Cookies on this website
We use cookies to ensure that we give you the best experience on our website. If you click 'Continue' we'll assume that you are happy to receive all cookies and you won't see this message again. Click 'Find out more' for information on how to change your cookie settings.

Disruption of frontal-subcortical and limbic networks is hypothesized to have a key role in late-life depression (LLD) and can be examined using magnetic resonance imaging (MRI) techniques. Gray matter can be examined using T1-weighted MRI, white matter using T2-weighted MRI and diffusion tensor imaging, and functional connectivity in resting-state networks using functional MRI. Although independent MRI studies have supported gray and white matter abnormalities in frontosubcortical and limbic networks and increased functional connectivity in the default-mode network in depression, no study has concurrently examined gray matter, white matter, and functional connectivity.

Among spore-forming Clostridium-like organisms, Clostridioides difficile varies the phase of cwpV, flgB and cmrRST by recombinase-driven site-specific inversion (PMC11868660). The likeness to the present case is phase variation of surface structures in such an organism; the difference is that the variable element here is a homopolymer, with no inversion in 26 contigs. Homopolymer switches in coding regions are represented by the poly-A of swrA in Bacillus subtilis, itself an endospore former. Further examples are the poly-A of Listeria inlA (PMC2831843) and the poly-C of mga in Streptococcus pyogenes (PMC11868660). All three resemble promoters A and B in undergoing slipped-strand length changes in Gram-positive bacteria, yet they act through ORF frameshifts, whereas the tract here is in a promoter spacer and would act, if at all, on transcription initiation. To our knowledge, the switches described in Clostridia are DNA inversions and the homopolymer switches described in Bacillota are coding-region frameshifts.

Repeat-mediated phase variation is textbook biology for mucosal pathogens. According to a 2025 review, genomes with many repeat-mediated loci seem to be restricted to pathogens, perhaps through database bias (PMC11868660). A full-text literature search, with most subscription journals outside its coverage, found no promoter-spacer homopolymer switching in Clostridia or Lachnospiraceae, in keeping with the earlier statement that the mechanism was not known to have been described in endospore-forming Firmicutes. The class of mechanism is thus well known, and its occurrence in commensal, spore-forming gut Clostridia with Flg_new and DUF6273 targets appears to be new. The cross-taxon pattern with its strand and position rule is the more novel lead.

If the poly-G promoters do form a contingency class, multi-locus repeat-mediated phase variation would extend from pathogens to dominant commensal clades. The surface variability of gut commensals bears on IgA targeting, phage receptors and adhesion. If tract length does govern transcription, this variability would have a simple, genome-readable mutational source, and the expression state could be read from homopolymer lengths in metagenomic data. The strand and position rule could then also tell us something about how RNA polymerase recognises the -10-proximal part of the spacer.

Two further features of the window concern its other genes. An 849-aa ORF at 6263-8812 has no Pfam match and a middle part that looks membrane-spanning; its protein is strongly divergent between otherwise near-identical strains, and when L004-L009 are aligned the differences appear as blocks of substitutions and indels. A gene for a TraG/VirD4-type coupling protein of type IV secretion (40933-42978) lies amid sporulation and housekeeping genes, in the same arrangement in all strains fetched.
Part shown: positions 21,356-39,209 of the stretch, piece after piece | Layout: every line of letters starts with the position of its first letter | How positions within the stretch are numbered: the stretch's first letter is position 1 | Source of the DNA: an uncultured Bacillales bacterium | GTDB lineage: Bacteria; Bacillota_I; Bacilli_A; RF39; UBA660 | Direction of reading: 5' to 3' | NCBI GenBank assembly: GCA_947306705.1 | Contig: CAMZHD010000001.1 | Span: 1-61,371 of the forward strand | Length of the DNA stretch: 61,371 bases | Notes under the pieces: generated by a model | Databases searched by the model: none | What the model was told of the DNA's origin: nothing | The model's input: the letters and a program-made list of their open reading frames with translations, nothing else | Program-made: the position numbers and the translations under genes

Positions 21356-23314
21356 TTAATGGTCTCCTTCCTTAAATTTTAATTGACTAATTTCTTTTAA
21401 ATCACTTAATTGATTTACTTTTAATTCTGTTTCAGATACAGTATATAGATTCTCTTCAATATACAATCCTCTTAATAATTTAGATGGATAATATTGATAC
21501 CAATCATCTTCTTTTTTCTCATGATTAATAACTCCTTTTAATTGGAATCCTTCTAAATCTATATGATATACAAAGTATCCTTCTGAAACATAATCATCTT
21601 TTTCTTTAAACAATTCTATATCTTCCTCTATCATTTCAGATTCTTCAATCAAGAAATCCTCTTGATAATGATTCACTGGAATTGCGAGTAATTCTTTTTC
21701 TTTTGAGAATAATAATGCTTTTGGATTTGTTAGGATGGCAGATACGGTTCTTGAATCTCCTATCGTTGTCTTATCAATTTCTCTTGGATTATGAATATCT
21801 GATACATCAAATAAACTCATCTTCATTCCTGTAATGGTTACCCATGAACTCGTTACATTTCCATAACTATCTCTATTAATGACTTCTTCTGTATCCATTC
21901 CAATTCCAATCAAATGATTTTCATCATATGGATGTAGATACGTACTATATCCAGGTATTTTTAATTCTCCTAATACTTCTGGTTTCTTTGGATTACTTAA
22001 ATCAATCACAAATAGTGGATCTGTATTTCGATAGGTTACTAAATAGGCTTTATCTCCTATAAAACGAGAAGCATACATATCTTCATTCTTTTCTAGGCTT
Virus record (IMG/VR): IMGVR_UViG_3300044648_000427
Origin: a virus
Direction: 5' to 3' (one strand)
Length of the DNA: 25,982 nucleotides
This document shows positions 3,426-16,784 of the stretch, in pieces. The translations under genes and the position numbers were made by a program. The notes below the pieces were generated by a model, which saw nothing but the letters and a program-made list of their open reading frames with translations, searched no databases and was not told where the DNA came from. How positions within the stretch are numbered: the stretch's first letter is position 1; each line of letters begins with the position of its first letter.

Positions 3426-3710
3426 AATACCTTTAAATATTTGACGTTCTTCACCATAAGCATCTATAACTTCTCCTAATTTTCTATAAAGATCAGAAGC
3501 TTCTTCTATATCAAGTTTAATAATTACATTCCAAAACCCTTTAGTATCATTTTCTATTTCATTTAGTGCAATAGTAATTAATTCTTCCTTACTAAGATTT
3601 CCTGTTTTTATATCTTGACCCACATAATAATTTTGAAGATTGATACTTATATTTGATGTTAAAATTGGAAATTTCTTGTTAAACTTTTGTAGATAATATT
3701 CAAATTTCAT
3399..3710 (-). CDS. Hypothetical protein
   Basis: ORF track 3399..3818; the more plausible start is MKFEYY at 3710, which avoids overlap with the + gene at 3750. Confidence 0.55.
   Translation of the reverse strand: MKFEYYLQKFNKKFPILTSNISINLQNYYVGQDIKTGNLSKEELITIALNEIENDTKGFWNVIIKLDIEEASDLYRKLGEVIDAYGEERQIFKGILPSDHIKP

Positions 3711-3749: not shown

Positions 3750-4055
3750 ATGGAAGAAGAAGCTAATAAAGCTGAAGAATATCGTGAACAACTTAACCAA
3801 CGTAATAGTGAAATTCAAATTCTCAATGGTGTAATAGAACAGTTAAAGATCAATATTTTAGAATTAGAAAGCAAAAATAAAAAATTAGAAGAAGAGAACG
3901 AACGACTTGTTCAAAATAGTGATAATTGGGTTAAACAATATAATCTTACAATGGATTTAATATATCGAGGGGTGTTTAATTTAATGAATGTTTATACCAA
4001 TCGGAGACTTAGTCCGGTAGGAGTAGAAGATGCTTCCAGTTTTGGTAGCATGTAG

More information

Journal article


Arch Gen Psychiatry

Publication Date





680 - 689


Aged, Aged, 80 and over, Brain, Brain Mapping, Case-Control Studies, Cross-Sectional Studies, Depressive Disorder, Female, Humans, Image Processing, Computer-Assisted, Magnetic Resonance Imaging, Male, Middle Aged, Nerve Fibers, Myelinated, Nerve Fibers, Unmyelinated